There are many lessons and discoveries in a debut season. Haslet Eaton’s football program learned quite a bit from 2016.
It knows it has a gifted running back in rising junior Titus Swen, for one thing. Swen delivered a season that offered a glimpse of what could be to come. He accounted for nearly 1,700 offensive yards (1,244 rushing, 446 receiving) and 200 more in the return game as the Eagles (3-7) just missed the playoffs.
The encore for this fall could go anywhere.
“ took a lot of me learning [from] mistakes and making adjustments and how I play the game,” Swen said. “It’s also the way to approach it. You have to play all four quarters. You can’t take any breaks.”
The one thing about him is when the lights come on, he’s ready to go. With his competitive nature, either you have it or you don’t. He’s hard-nosed. He wants to win.
Eaton head football coach Ellis Miller on Titus Swen
Swen (5-11, 195) has been a Division I prospect ever since he stepped onto the Eaton campus. He’s already secured offers from Kansas, SMU and Arizona. He camped at Baylor earlier this month and seems to have built a good rapport with that staff. Time will tell if the Bears extend.
Swen and his teammates will be participating in the state 7-on-7 tournament Friday and Saturday at the Veterans Park and Athletic Complex College Station. Eaton is in the big school Division I bracket and shares a pool with Katy Cinco Ranch, Georgetown and Lufkin. The top two teams advance to the championship bracket. The other two move to the consolation bracket.
For now, Swen is learning to embrace his role as one of the stars. His athleticism is such that Eaton coaches used on him defense last year and plan to continue that this fall. There is no set role.
Since he is a running back, he has the explosive first step to hit holes. New head coach Ellis Miller can use him on spot duty at defensive end. Swen’s athleticism allows him to play at either linebacker or defensive back. Like 2016, it’s going to be a game-by-game decision on how he’s used. The current thinking is somewhere between three to 10 plays. At times, he pleaded with Eaton coaches to play him on defense.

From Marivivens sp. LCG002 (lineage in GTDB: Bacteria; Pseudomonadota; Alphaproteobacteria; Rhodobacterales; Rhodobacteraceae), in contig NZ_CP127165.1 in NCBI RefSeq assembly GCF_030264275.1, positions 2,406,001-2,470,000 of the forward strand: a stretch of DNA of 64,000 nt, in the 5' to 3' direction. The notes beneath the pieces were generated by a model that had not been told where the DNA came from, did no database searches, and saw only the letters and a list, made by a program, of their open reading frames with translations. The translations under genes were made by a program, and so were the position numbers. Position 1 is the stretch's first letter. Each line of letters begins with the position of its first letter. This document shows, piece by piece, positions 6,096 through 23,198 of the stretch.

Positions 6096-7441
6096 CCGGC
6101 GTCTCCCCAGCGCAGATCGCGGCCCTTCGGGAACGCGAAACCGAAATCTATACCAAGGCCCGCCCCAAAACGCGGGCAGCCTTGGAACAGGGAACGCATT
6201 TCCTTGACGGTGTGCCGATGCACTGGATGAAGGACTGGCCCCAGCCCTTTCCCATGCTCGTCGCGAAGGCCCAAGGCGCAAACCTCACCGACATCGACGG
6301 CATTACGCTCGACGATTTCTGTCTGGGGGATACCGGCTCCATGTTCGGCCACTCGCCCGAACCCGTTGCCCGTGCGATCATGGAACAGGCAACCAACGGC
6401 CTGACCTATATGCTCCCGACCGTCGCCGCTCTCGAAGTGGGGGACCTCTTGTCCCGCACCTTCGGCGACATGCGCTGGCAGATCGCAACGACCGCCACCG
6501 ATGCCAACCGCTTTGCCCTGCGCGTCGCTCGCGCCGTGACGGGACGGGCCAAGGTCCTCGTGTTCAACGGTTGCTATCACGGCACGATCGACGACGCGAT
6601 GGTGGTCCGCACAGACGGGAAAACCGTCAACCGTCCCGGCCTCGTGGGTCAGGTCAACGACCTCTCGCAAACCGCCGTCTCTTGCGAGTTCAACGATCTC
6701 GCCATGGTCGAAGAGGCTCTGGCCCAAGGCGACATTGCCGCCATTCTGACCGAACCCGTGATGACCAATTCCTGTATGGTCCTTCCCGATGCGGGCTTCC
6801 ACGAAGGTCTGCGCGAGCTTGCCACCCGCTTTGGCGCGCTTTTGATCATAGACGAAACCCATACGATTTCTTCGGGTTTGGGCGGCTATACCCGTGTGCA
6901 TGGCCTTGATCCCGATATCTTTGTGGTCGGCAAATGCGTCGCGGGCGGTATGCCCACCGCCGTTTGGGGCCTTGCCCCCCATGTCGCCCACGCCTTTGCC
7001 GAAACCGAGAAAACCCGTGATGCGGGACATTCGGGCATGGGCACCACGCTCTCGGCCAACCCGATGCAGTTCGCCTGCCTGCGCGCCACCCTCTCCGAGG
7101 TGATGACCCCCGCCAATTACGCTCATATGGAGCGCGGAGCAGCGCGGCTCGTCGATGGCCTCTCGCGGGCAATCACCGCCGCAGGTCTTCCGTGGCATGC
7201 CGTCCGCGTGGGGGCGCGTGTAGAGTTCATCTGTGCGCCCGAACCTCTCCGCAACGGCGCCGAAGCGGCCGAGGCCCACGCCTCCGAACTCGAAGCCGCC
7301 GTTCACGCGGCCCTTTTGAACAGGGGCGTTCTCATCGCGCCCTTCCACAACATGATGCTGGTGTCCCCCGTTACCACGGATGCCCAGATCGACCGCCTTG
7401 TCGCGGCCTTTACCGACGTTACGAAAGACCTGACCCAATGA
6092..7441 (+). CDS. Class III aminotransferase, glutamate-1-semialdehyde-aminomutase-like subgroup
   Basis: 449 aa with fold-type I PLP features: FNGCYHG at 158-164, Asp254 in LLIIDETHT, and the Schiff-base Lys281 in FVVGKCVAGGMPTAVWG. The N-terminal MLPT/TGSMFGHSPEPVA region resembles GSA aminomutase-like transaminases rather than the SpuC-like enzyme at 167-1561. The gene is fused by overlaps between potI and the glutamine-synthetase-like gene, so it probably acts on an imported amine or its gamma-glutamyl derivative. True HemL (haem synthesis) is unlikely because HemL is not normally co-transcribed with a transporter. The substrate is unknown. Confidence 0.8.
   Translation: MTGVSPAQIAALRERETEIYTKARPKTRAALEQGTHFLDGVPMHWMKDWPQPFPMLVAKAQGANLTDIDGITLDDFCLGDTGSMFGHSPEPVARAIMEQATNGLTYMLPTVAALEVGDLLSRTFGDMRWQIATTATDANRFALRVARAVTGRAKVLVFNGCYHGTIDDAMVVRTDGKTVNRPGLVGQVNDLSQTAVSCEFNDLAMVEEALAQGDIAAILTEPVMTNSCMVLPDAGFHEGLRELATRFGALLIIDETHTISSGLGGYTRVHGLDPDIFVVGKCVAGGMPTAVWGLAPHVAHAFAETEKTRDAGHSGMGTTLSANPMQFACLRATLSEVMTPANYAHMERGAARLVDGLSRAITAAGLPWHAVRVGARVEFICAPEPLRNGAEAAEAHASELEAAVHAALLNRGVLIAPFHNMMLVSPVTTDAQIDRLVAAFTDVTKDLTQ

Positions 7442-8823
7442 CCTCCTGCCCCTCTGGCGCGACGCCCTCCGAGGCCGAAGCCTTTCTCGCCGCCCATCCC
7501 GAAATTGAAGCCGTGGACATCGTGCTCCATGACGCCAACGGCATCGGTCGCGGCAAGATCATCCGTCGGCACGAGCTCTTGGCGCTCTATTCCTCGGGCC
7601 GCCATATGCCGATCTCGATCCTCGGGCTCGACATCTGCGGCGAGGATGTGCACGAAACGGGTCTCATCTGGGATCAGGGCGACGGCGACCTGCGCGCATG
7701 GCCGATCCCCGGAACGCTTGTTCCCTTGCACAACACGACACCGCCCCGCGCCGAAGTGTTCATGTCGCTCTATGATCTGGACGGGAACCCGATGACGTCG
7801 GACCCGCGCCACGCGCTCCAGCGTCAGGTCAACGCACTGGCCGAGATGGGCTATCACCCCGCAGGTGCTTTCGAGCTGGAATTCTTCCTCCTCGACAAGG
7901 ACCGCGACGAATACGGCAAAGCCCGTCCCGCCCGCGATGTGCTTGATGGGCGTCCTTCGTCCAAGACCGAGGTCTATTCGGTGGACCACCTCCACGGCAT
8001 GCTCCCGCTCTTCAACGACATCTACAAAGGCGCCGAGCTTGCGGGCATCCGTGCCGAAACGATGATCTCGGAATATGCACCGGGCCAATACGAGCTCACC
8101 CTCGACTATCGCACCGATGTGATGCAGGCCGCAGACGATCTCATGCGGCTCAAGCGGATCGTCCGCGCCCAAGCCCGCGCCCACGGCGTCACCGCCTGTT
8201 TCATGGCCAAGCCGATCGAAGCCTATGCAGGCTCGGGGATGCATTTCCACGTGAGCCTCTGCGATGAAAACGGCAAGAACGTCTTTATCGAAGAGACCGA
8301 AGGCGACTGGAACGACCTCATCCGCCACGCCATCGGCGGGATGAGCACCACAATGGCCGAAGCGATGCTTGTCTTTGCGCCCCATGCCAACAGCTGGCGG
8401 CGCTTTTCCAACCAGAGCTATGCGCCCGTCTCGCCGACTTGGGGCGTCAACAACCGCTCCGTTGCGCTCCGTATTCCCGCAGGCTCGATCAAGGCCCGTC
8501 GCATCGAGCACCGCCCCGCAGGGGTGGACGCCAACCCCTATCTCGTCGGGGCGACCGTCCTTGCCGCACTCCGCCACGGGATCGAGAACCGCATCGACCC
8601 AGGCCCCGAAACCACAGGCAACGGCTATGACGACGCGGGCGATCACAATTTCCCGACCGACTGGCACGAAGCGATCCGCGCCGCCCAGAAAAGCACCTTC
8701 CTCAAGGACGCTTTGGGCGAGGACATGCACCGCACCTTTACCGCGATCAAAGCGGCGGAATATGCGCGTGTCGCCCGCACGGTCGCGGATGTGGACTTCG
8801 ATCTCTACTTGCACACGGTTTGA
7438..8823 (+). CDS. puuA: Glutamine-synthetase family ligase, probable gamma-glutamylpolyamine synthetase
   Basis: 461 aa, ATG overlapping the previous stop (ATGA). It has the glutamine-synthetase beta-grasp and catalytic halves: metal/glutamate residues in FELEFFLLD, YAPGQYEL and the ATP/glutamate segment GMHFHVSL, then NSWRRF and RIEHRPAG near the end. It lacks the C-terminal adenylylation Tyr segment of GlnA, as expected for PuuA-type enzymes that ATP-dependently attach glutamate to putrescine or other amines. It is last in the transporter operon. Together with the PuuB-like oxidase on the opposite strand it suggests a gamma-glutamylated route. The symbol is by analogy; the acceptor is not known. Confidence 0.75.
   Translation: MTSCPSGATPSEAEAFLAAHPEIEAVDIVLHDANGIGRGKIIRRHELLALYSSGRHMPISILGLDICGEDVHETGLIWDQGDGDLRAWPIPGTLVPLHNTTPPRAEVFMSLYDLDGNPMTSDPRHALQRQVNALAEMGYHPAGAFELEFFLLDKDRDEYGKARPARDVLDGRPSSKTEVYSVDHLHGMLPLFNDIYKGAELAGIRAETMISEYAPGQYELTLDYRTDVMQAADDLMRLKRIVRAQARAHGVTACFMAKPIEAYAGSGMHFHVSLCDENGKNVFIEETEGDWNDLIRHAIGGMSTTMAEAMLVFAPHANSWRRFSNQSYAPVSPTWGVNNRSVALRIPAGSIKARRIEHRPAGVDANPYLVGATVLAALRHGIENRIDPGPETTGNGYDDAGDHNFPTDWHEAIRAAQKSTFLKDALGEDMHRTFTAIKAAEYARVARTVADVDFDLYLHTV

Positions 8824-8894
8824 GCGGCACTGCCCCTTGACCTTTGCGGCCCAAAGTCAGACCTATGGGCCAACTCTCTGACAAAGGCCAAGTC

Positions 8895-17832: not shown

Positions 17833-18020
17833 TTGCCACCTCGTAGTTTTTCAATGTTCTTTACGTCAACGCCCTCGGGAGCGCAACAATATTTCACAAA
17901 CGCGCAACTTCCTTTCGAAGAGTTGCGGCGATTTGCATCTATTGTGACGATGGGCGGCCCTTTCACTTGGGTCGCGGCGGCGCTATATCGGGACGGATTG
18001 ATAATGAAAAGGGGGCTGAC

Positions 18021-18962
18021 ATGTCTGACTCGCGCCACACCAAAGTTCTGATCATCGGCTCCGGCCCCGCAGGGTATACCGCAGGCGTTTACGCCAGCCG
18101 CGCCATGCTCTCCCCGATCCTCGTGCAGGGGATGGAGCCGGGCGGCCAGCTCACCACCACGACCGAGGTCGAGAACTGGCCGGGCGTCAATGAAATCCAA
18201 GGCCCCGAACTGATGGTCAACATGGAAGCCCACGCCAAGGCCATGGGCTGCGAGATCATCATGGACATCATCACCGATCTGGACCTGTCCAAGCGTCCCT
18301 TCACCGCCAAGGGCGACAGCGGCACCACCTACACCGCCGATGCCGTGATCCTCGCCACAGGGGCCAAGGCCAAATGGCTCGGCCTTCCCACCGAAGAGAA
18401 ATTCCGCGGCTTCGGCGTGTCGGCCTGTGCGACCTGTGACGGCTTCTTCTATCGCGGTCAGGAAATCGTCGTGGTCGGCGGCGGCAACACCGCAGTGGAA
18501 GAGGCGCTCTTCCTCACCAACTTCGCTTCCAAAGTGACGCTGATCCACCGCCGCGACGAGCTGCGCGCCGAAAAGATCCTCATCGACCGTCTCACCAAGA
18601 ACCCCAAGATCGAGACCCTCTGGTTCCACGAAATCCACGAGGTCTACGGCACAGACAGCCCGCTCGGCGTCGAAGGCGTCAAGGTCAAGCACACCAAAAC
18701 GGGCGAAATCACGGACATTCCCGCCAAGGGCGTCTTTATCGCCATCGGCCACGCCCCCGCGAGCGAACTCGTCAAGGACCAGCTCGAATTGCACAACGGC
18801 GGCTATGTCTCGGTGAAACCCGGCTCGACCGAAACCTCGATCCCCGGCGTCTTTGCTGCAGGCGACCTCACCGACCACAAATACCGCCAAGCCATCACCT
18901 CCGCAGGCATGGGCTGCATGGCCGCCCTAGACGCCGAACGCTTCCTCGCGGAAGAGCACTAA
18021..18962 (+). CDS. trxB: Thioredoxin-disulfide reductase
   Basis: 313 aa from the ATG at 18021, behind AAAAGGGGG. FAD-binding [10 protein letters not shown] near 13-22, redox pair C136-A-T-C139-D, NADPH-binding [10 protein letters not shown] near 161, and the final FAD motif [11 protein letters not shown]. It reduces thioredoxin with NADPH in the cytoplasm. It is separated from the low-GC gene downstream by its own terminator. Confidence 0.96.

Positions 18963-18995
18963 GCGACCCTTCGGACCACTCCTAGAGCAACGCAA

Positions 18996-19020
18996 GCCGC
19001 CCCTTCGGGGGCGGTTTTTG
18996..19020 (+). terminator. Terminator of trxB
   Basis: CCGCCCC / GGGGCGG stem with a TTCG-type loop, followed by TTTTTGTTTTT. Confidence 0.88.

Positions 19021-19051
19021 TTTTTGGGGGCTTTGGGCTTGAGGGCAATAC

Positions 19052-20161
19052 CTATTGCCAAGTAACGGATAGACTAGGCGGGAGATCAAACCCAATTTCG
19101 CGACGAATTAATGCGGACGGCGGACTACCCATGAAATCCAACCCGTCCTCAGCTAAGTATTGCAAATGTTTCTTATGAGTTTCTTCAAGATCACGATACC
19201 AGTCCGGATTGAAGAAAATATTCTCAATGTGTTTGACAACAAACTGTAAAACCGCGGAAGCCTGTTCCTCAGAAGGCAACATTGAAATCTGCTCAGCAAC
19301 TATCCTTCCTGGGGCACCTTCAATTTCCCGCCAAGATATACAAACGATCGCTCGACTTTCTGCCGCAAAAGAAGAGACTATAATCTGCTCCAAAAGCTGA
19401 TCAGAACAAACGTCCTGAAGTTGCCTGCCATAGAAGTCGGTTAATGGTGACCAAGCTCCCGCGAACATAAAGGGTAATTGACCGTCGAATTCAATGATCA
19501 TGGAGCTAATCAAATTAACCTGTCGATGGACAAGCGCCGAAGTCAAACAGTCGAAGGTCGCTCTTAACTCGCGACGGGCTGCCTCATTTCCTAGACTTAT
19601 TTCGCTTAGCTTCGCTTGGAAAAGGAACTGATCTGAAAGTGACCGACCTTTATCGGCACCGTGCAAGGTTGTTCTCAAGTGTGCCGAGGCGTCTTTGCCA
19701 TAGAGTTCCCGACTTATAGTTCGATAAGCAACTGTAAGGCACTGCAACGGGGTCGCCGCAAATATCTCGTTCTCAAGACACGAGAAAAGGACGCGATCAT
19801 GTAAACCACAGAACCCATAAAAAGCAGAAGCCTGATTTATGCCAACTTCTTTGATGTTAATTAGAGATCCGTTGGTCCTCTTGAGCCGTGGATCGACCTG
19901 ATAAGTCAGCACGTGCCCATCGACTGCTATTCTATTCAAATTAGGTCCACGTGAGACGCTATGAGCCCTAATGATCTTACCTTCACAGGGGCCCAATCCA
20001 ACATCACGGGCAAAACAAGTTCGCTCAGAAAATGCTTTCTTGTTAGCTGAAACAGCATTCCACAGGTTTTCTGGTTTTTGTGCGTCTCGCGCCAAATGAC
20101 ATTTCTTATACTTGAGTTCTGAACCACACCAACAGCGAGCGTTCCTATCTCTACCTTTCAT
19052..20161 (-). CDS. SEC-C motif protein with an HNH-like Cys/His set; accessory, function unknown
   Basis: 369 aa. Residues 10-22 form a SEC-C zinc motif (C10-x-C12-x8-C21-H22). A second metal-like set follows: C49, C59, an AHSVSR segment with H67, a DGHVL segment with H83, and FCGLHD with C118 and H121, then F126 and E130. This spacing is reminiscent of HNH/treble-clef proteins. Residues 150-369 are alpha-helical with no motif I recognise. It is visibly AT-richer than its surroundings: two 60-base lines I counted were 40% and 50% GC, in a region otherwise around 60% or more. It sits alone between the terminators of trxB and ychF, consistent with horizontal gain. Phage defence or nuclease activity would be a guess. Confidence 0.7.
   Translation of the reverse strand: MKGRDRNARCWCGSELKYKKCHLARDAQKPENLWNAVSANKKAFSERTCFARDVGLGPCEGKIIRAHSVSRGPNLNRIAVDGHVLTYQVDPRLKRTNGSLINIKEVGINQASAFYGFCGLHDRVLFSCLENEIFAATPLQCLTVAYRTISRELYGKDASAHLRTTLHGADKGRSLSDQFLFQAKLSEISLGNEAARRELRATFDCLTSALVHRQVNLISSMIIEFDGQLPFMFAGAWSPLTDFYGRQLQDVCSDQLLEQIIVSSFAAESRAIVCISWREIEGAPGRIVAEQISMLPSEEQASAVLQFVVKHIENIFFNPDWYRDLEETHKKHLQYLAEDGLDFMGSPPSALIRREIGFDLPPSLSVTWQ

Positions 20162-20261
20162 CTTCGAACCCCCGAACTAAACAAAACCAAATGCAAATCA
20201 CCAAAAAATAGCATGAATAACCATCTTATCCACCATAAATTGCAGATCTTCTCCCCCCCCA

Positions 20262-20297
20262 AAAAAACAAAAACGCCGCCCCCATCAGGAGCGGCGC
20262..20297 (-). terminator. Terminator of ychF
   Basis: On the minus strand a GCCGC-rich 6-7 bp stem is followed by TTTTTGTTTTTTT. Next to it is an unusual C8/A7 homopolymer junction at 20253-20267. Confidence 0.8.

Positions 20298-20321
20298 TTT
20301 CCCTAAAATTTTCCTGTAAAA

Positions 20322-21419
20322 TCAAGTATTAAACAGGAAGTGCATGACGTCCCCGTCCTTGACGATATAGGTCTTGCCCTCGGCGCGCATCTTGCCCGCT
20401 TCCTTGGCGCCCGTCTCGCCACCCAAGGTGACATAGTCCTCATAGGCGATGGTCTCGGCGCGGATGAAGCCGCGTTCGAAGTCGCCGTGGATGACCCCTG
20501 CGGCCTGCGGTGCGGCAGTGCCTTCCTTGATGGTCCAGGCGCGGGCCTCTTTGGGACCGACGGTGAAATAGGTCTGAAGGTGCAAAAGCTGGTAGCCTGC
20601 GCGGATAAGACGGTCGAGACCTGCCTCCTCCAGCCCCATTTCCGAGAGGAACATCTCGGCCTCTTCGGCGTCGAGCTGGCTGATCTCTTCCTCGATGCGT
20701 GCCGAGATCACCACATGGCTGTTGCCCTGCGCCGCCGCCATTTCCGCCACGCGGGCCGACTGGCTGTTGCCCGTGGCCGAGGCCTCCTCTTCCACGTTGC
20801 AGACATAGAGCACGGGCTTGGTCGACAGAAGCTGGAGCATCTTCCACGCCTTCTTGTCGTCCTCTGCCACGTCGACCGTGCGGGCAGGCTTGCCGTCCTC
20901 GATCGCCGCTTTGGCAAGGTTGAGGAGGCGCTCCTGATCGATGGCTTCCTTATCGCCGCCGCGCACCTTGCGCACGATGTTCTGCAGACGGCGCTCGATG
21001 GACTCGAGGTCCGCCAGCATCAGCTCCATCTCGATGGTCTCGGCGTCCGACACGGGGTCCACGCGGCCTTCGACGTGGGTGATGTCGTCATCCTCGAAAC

Miller has seen an evolution in Swen. While he’s arguably the most talented player on the roster, a responsibility comes with that. The recent offseason showed where Swen has changed course.
“Over the last two months, he has finally learned how to work hard,” Miller said. “And when you combine that with his natural ability, he’s going to be something special.”
Given his size and 4.5 speed, Swen is considered a north-south runner. He will deliver the blow rather than absorbing it. If the Eagles are able to shore up their offensive and defensive lines, they should be a postseason contender in District 6-5A.
“I just spent a lot of time on my speed and agility,” Swen said. “The big thing is that I want to do a better job finishing at the goal line.”
The game to watch will be on Oct. 20 at defending 5A Division II state champion Aledo. Swen will be on the opposite sideline of Aledo sophomore Jase McClellan, who is built the same way, runs the same way and is another coveted Division I recruit.
“The one thing about him is when the lights come on, he’s ready to go,” Miller said. “With his competitive nature, either you have it or you don’t. He’s hard-nosed. He wants to win.”